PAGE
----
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Trying to Use Databases for Science Jim Gray Microsoft Research gray

Mar 27, 2015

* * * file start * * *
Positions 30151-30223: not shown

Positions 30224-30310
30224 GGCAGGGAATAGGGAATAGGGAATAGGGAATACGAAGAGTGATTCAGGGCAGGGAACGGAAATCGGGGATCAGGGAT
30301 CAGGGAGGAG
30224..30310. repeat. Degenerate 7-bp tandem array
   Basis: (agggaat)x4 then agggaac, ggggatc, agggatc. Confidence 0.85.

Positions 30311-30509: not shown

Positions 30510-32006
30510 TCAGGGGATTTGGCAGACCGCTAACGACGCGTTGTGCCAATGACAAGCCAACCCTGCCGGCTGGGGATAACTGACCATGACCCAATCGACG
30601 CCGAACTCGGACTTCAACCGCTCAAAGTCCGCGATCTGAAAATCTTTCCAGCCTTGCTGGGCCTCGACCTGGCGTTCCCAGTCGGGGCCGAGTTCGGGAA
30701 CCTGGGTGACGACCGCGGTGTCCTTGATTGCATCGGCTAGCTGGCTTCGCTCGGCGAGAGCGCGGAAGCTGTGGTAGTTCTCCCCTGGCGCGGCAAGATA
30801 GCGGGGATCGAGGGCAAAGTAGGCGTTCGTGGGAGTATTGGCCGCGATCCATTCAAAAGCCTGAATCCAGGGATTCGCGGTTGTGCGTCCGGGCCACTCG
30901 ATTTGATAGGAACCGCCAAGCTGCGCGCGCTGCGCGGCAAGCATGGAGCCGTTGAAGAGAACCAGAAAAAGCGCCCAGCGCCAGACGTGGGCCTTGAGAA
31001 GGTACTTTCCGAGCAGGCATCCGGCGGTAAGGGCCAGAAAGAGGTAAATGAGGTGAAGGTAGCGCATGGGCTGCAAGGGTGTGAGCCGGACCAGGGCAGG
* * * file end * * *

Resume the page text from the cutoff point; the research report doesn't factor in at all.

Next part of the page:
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Trying to Use Databases for Science Jim Gray Microsoft Research http://research.microsoft.com/~gray Slide 2 The World Wide Telescope Idea Data Mining the Sloan Digital Sky Survey Spherical Geometry in SQL Slide 3 Computational Science Traditional Empirical Science Scientist gathers data by direct observation Scientist analyzes data Computational Science Data captured by instruments Or data generated by simulator Processed by software Placed in a database / files Scientist analyzes database / files Slide 4 World Wide Telescope Virtual Observatory http://www.astro.caltech.edu/nvoconf/ http://www.voforum.org/ http://www.astro.caltech.edu/nvoconf/ http://www.voforum.org/ Premise: Most data is (or could be online) So, the Internet is the worlds best telescope: It has data on every part of the sky In every measured spectral band: optical, x-ray, radio.. As deep as the best instruments (2 years ago). It is up when you are up. The seeing is always great (no working at night, no clouds no moons no..). Its a smart telescope: links objects and data to literature on them. Slide 5 Whats needed? (not drawn to scale) Science Data & Questions Scientists Database To store data Execute Queries Plumbers Data Mining Algorithms Miners Question & Answer Visualization Tools Slide 6 SkyServer SkyServer.SDSS.org SkyServer.SDSS.org Like the TerraServer, but looking the other way: a picture of of the universe Pixels + Data Mining Astronomers get about 400 attributes for each object Get Spectrograms for 1% of the objects Slide 7 Why Astronomy Data? There is lots of it High dimensional Spatial temporal Great sandbox for data mining algorithms Can share cross company University researchers Great way to teach both Astronomy and Computational Science Want to federate many instruments Slide 8 Why Astronomy Data? It has no commercial value No privacy concerns Can freely share results with others Great for experimenting with algorithms It is real and well documented High-dimensional data (with confidence intervals) Spatial data Temporal data Many different instruments from many different places and many different times Federation is a goal The questions are interesting How did the universe form? There is a lot of it (petabytes) IRAS 100 ROSAT ~keV DSS Optical 2MASS 2 IRAS 25 NVSS 20cm WENSS 92cm GB 6cm Slide 9 Federation Data Federations of Web Services Massive datasets live near their owners: Near the instruments software pipeline Near the applications Near data knowledge and curation Super Computer centers become Super Data Centers Each Archive publishes a web service Schema: documents the data Methods on objects (queries) Scientists get personalized extracts Uniform access to multiple Archives A common global schema Slide 10 SkyQuery ( http://skyquery.net/) http://skyquery.net/ Distributed Query tool using a set of web services Feasibility study, built in 6 weeks from scratch Tanu Malik (JHU CS grad student) Tamas Budavari (JHU astro postdoc) With help from Szalay, Thakar, Gray Implemented in C# and.NET Allows queries like: SELECT o.objId, o.r, o.type, t.objId FROM SDSS:PhotoPrimary o, TWOMASS:PhotoPrimary t WHERE XMATCH(o,t)2 Slide 11 Architecture Image cutout SkyNode SDSS SkyNode 2Mass SkyNode First SkyQuery Web Page Slide 12 Show Cutout Web Service Slide 13 The World Wide Telescope Idea Data Mining the Sloan Digital Sky Survey Spherical Geometry in SQL Slide 14 Working Cross-Culture How to design the database: Scenario Design Astronomers proposed 20 questions Typical of things they want to do Each would require a week of programming in tcl / C++/ FTP Goal, make it easy to answer questions DB and tools design motivated by this goal Implemented utility procedures JHU Built Query GUI for Linux /Mac/.. clients Slide 15 0.75. Q4: Find galaxies with an isophotal surface brightness (SB) larger than 24 in the red band, with an ellipticity>0.5, and with the major axis of the ellipse having a declination of between 30 and 60arc seconds. Q5: Find all galaxies with a deVaucouleours profile (r falloff of intensity on disk) and the photometric colors consistent with an elliptical galaxy. The deVaucouleours profile Q6: Find galaxies that are blended with a star, output the deblended galaxy magnitudes. Q7: Provide a list of star-like objects that are 1% rare. Q8: Find all objects with unclassified spectra. Q9: Find quasars with a line width >2000 km/s and 2.51 " title="The 20 Queries Q11: Find all elliptical galaxies with spectra that have an anomalous emission line. Q12: Create a grided count of galaxies with u-g>1 "> The 20 Queries Q11: Find all elliptical galaxies with spectra that have an anomalous emission line. Q12: Create a grided count of galaxies with u-g>1 and r 1.5 and r.isoA_r>2.0 -- the green selection criteria and ((power(g.q_g,2) + power(g.u_g,2)) > 0.111111 ) and g.fiberMag_g between 6 and 22 and g.fiberMag_g < g.fiberMag_r and g.fiberMag_g < g.fiberMag_i and g.fiberMag_g < g.fiberMag_u and g.fiberMag_g < g.fiberMag_z and g.parentID=0 and g.isoA_g/g.isoB_g > 1.5 and g.isoA_g > 2.0 -- the matchup of the pair and sqrt(power(r.cx -g.cx,2)+ power(r.cy-g.cy,2)+power(r.cz-g.cz,2))*(10800/PI())< 4.0 and abs(r.fiberMag_r-g.fiberMag_g)< 2.0 Finds 3 objects in 11 minutes (or 27 seconds with an index) Ugly, but consider the alternatives (c programs an files and) "> Q15: Fast Moving Objects Find near earth asteroids: SELECT r.objID as rId, g.objId as gId, r.run, r.camcol, r.field as field, g.field as gField, r.ra as ra_r, r.dec as dec_r, g.ra as ra_g, g.dec as dec_g, sqrt( power(r.cx -g.cx,2)+ power(r.cy-g.cy,2)+power(r.cz-g.cz,2) )*(10800/PI()) as distance FROM PhotoObj r, PhotoObj g WHERE r.run = g.run and r.camcol=g.camcol and abs(g.field-r.field) 0.111111 ) and r.fiberMag_r between 6 and 22 and r.fiberMag_r < r.fiberMag_g and r.fiberMag_r < r.fiberMag_i and r.parentID=0 and r.fiberMag_r < r.fiberMag_u and r.fiberMag_r < r.fiberMag_z and r.isoA_r/r.isoB_r > 1.5 and r.isoA_r>2.0 -- the green selection criteria and ((power(g.q_g,2) + power(g.u_g,2)) > 0.111111 ) and g.fiberMag_g between 6 and 22 and g.fiberMag_g < g.fiberMag_r and g.fiberMag_g < g.fiberMag_i and g.fiberMag_g < g.fiberMag_u and g.fiberMag_g < g.fiberMag_z and g.parentID=0 and g.isoA_g/g.isoB_g > 1.5 and g.isoA_g > 2.0 -- the matchup of the pair and sqrt(power(r.cx -g.cx,2)+ power(r.cy-g.cy,2)+power(r.cz-g.cz,2))*(10800/PI())< 4.0 and abs(r.fiberMag_r-g.fiberMag_g)< 2.0 Finds 3 objects in 11 minutes (or 27 seconds with an index) Ugly, but consider the alternatives (c programs an files and) Slide 20 Slide 21 A Hard One Q14: Find stars with multiple measurements that have magnitude variations >0.1. This should work, but SQL Server does not allow table values to be piped to table- valued functions. select S.object_ID, S1.object_ID-- return stars that from StarsS,-- S is a star getNearbyObjEq(s.ra, s.dec, 0.017) as N -- N within 1 arcsec (3 pixels) of S. Stars S1-- N == S1 (S1 gets the colors) where S.Object_ID < N.Object_ID-- S1 different from S == N and N.Type = dbo.PhotoType('Star')-- S1 is a star (an optimization) and N.object_ID = S1.Object_ID-- N == S1 and ( abs(S.u-S1.u) > 0.1 -- one of the colors is different. or abs(S.g-S1.g) > 0.1 or abs(S.r-S1.r) > 0.1 or abs(S.i-S1.i) > 0.1 or abs(S.z-S1.z) > 0.1 ) order by S.object_ID, S1.object_ID-- group the answer by parent star. Returns a table of nearby objects Slide 22 A Hard one: Second Try: Q14 Find stars with multiple measurements that have magnitude variations >0.1. ------------------------------------------------------------------------------- -- Table-valued function that returns the binary stars within a certain radius -- of another (in arc-minutes) (typically 5 arc seconds). -- Returns the ID pairs and the distance between them (in arcseconds). create function BinaryStars(@MaxDistanceArcMins float) returns @BinaryCandidatesTable table( S1_object_ID bigint not null, -- Star #1 S2_object_ID bigint not null, -- Star #2 distance_arcSec float) -- distance between them as begin declare @star_ID bigint, @binary_ID bigint;-- Star's ID and binary ID declare @ra float, @dec float;-- Star's position declare @u float, @g float, @r float, @i float,@z float; -- Star's colors ----------------Open a cursor over stars and get position and colors declare star_cursor cursor for select object_ID, ra, [dec], u, g, r, i, z from Stars; open star_cursor; while (1=1)-- for each star begin -- get its attribues fetch next from star_cursor into @star_ID, @ra, @dec, @u, @g, @r, @i, @z; if (@@fetch_status = -1) break;-- end if no more stars insert into @BinaryCandidatesTable -- insert its binaries select @star_ID, S1.object_ID, -- return stars pairs sqrt(N.DotProd)/PI()*10800 -- and distance in arc-seconds from getNearbyObjEq(@ra, @dec, -- Find objects nearby S. @MaxDistanceArcMins) as N, -- call them N. Stars as S1-- S1 gets N's color values where @star_ID < N.Object_ID-- S1 different from S and N.objType = dbo.PhotoType('Star')-- S1 is a star and N.object_ID = S1.object_ID-- join stars to get colors of S1==N and (abs(@u-S1.u) > 0.1 -- one of the colors is different. or abs(@g-S1.g) > 0.1 or abs(@r-S1.r) > 0.1 or abs(@i-S1.i) > 0.1 or abs(@z-S1.z) > 0.1 ) end;-- end of loop over all stars -------------- Looped over all stars, close cursor and exit. close star_cursor;-- deallocate star_cursor; return;-- return table end-- end of BinaryStars GO select * from dbo.BinaryStars(.05) Write a program with a cursor, ran for 2 days Slide 23 A Hard one: Third Try Q14: Find stars with multiple measurements that have magnitude variations >0.1. Use pre-computed neighbors table. Ran in 17 minutes, found 31k pairs. ================================================================================== -- Plan 2: Use the precomputed neighbors table select top 100 S.object_ID, S1.obje